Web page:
By John B. Virata
Florida is ranked the number one locale worldwide for the proliferation of invasive species, according to a report published in the journal Zootaxa. The report cites verified non-indigenous amphibians and reptiles in Florida from 1863 to 2010, citing previously reported species as well as non-native species that have become established in the state.
It found 137 non-native amphibian and reptile species in the state including 56 that are classified as established, meaning that the animals are successfully reproducing. The established animals include three frogs, four turtles, a crocodilian, 43 lizards and five snakes. The animals became invasive by various means, according to the report, including animals released as biological controls (two animals), animals that were previously in zoos that escaped (four) animals introduced via cargo (18), meaning that they were stowaways that made it to Florida, and animals introduced via the pet trade, in which 125 animals were introduced into the wild.
These introductions occurred even though state law prohibits the release of non-indigenous animals in Florida without a permit from Florida's Fish and Game Wildlife Conservation Commission, and it is noted in the report that not a single person has been prosecuted for violating the law.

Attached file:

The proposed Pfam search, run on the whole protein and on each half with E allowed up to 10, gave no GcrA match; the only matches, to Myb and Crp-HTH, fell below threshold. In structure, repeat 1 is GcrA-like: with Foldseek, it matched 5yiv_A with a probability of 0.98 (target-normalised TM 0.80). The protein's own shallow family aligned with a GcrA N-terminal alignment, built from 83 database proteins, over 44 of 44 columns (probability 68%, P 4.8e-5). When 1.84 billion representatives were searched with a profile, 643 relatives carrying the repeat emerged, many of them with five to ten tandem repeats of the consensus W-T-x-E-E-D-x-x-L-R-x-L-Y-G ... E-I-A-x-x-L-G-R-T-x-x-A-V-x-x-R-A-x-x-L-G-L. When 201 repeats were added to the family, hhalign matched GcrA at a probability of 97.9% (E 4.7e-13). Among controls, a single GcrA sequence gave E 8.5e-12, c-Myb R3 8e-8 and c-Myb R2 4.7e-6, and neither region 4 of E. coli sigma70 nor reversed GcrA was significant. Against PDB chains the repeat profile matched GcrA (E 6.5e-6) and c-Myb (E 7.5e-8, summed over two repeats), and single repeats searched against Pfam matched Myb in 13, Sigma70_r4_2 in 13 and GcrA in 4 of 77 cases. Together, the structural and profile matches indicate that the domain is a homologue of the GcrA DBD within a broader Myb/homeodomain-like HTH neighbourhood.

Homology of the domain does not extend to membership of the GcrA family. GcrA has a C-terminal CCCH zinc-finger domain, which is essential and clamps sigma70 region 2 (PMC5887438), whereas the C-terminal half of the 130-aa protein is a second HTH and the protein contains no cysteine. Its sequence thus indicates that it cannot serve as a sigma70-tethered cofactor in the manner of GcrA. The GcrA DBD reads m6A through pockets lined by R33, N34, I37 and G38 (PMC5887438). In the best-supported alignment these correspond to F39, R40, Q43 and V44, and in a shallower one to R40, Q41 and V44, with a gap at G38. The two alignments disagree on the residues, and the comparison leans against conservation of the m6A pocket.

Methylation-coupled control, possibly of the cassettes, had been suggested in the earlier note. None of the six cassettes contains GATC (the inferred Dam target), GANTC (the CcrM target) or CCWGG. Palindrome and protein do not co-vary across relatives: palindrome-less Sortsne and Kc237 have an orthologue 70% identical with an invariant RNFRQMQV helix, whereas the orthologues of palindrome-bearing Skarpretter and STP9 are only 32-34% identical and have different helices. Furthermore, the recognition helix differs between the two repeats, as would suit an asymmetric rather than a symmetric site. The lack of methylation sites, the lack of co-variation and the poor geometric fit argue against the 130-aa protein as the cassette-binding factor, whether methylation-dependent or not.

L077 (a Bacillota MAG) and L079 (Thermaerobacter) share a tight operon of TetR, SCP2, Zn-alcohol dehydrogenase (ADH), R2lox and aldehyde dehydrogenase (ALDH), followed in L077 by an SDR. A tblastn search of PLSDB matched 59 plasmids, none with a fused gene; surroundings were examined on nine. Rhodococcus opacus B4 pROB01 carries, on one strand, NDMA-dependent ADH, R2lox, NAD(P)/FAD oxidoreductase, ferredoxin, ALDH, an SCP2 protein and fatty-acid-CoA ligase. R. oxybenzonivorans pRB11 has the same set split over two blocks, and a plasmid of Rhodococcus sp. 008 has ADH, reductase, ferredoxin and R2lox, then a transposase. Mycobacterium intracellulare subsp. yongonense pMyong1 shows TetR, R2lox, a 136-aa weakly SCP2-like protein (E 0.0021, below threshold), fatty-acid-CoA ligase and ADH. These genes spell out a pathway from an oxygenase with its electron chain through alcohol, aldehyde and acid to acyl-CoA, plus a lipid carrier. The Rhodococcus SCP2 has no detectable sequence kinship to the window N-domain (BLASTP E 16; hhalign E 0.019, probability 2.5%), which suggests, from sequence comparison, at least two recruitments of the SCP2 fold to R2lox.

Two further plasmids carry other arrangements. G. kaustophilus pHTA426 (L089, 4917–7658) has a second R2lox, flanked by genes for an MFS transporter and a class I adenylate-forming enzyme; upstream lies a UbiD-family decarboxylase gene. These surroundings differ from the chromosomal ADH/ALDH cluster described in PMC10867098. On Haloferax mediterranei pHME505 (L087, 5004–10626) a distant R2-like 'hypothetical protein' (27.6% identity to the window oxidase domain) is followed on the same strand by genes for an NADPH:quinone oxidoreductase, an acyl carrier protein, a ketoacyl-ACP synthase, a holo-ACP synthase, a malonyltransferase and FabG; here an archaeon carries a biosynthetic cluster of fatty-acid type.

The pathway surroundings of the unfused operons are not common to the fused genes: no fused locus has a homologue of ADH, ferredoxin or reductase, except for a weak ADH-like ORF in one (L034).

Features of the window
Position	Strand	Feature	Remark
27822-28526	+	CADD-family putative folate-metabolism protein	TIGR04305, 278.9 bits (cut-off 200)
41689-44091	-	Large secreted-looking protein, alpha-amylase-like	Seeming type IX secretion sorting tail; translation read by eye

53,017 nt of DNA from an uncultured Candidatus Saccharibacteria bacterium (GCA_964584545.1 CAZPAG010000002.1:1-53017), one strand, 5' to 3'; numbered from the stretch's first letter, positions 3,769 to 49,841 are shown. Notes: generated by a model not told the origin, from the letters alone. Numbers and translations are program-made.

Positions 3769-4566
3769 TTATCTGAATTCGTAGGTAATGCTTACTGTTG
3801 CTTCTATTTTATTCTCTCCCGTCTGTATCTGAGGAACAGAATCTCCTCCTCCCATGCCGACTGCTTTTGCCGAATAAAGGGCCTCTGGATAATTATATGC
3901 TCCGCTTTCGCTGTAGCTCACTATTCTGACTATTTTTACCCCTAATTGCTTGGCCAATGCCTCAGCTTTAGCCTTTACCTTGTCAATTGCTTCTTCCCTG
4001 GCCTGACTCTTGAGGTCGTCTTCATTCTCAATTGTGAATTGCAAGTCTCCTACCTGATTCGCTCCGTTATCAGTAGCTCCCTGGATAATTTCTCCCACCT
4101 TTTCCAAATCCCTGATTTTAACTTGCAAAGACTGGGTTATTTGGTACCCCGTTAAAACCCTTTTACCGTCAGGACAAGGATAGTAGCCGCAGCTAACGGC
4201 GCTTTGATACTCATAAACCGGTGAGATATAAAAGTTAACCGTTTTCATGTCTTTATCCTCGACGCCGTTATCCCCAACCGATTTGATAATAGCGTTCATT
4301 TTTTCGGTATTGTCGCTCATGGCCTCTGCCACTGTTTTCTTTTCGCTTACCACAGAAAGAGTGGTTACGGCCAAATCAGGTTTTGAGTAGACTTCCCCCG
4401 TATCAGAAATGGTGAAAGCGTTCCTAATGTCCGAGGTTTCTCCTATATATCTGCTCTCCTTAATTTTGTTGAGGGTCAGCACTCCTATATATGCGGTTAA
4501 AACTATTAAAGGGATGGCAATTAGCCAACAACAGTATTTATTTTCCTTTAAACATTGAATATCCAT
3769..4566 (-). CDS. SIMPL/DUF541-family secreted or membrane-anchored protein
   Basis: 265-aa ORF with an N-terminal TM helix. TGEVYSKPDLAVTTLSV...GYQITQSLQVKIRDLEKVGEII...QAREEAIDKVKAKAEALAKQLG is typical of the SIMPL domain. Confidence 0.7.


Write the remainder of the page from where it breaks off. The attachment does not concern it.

The most infamous invasive reptile in Florida is arguably the Burmese python (Python molurus bivittatus). These reptiles have been reproducing in Everglades National Park since at least the 1980s, said Dr. Kenneth Krysko, senior biological scientist, Division of Herpetology at the University of Florida's Florida Museum of Natural History, and principal author of the report. While extreme cold weather a few years ago wiped out many of these large snakes, this was but a dent in the population.
"Indeed many pythons, along with thousands of other native and non-native animals, were killed during the atypical prolonged cold weather a couple of years ago," Krysko said. "Unfortunately dead pythons were found only where the oolitic limestone is the surface (extreme southern Florida), but not just to the north where we know pythons have expanded and where soil is at the surface. Like all other animals, in order to escape extreme cold or hot temperatures, these animals simply burrow. This is supported by more observations since the cold weather to the north of Everglades National Park," he said. It's too bad they weren't all wiped out."